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Palace of Versailles

In 1789, the French Revolution forced Louis XVI to leave Versailles for Paris. The Palace would never again be a royal residence and a new role was assigned to it in the 19th century, when it became the Museum of the History of France in 1837 by order of King Louis-Philippe, who came to the throne in 1830. The rooms of the Palace were then devoted to housing new collections of paintings and sculptures representing great figures and important events that had marked the History of France. These collections continued to be expanded until the early 20th century at which time, under the influence of its most eminent curator, Pierre de Nolhac, the Palace rediscovered its historical role when the whole central part was restored to the appearance it had had as a royal residence during the Ancien Régime.

The Palace of Versailles never played the protective role of a medieval stronghold. Beginning in the Renaissance period, the term “chateau” was used to refer to the rural location of a luxurious residence, as opposed to an urban palace. It was thus common to speak of the Louvre “Palais” in the heart of Paris, and the “Château” of Versailles out in the country. Versailles was only a village at the time. It was destroyed in 1673 to make way for the new town Louis XIV wished to create. Currently the centrepiece of Versailles urban planning, the Palace now seems a far cry from the countryside residence it once was. Nevertheless, the garden end on the west side of the Estate of Versailles is still adjoined by woods and agriculture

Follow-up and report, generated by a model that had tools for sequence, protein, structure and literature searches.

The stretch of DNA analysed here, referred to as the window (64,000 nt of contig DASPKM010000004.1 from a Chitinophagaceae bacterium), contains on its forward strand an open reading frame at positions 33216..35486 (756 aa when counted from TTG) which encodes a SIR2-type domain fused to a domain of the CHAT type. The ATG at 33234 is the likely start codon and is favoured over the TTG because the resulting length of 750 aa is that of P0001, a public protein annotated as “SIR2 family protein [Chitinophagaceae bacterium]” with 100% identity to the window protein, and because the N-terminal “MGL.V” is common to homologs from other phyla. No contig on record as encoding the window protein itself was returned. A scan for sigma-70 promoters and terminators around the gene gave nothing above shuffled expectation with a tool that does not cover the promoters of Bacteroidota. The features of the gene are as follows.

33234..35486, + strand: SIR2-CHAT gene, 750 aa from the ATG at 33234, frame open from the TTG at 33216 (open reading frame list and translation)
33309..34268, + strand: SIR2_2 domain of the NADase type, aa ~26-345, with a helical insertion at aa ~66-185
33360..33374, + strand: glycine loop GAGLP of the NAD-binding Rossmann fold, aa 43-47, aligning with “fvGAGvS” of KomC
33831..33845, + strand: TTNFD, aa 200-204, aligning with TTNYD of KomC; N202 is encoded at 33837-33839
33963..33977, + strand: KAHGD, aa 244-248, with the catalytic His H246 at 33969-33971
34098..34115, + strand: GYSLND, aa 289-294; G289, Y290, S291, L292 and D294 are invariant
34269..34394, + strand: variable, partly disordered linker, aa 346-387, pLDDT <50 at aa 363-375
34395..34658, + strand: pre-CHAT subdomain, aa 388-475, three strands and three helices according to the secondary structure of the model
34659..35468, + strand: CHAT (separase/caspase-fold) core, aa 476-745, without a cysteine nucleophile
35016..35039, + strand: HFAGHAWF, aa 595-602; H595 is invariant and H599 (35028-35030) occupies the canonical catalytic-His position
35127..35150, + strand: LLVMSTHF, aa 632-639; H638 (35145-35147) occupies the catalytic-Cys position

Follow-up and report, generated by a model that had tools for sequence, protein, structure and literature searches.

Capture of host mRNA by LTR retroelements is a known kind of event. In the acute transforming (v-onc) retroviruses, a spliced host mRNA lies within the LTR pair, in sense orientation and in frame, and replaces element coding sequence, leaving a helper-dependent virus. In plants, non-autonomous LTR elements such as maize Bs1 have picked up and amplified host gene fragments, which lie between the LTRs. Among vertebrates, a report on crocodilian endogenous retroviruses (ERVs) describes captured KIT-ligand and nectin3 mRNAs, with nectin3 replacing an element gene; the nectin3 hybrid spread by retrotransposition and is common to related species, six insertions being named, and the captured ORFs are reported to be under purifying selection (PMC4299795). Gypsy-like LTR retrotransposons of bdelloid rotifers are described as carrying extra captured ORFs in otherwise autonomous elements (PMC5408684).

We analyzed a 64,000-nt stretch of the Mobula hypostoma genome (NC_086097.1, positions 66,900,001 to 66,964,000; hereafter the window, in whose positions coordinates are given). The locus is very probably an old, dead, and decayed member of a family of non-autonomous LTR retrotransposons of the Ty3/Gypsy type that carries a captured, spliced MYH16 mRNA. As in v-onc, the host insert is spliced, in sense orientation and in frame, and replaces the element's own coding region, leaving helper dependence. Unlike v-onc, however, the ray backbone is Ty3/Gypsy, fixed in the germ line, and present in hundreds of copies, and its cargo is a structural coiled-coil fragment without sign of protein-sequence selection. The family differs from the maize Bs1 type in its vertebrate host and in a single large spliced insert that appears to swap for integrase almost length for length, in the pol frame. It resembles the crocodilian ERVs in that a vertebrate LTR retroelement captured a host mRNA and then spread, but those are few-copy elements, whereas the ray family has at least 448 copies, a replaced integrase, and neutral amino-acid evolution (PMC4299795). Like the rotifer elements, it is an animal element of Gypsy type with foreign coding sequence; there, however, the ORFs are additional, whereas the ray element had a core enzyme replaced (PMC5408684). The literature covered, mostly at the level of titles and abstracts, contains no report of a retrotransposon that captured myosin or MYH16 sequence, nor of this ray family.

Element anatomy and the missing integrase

Louis XIV first visited the château on a hunting trip in 1651 at the age of twelve, but returned only occasionally until his marriage to Maria Theresa of Spain in 1660 and the death of Cardinal Mazarin in 1661, after which he suddenly acquired a passion for the site.[8] He decided to rebuild, embellish and enlarge the château and to transform it into a setting for both rest and for elaborate entertainments on a grand scale.The first phase of the expansion (c. 1661–1678) was designed and supervised by the architect Louis Le Vau. Initially he added two wings to the forecourt, one for servants quarters and kitchens, the other for stables.In 1668 he added three new wings built of stone, known as the envelope, to the north, south and west (the garden side) of the original château. These buildings had nearly-flat roofs covered with lead. The king also commissioned the landscape designer André Le Nôtre to create the most magnificent gardens in Europe, embellished with fountains, statues, basins, canals, geometric flower beds and groves of trees. He also added two grottos in the Italian style and an immense orangerie to house fruit trees, as well as a zoo with a central pavilion for exotic animals.After Le Vau’s death in 1670, the work was taken over and completed by his assistant François d’Orbay.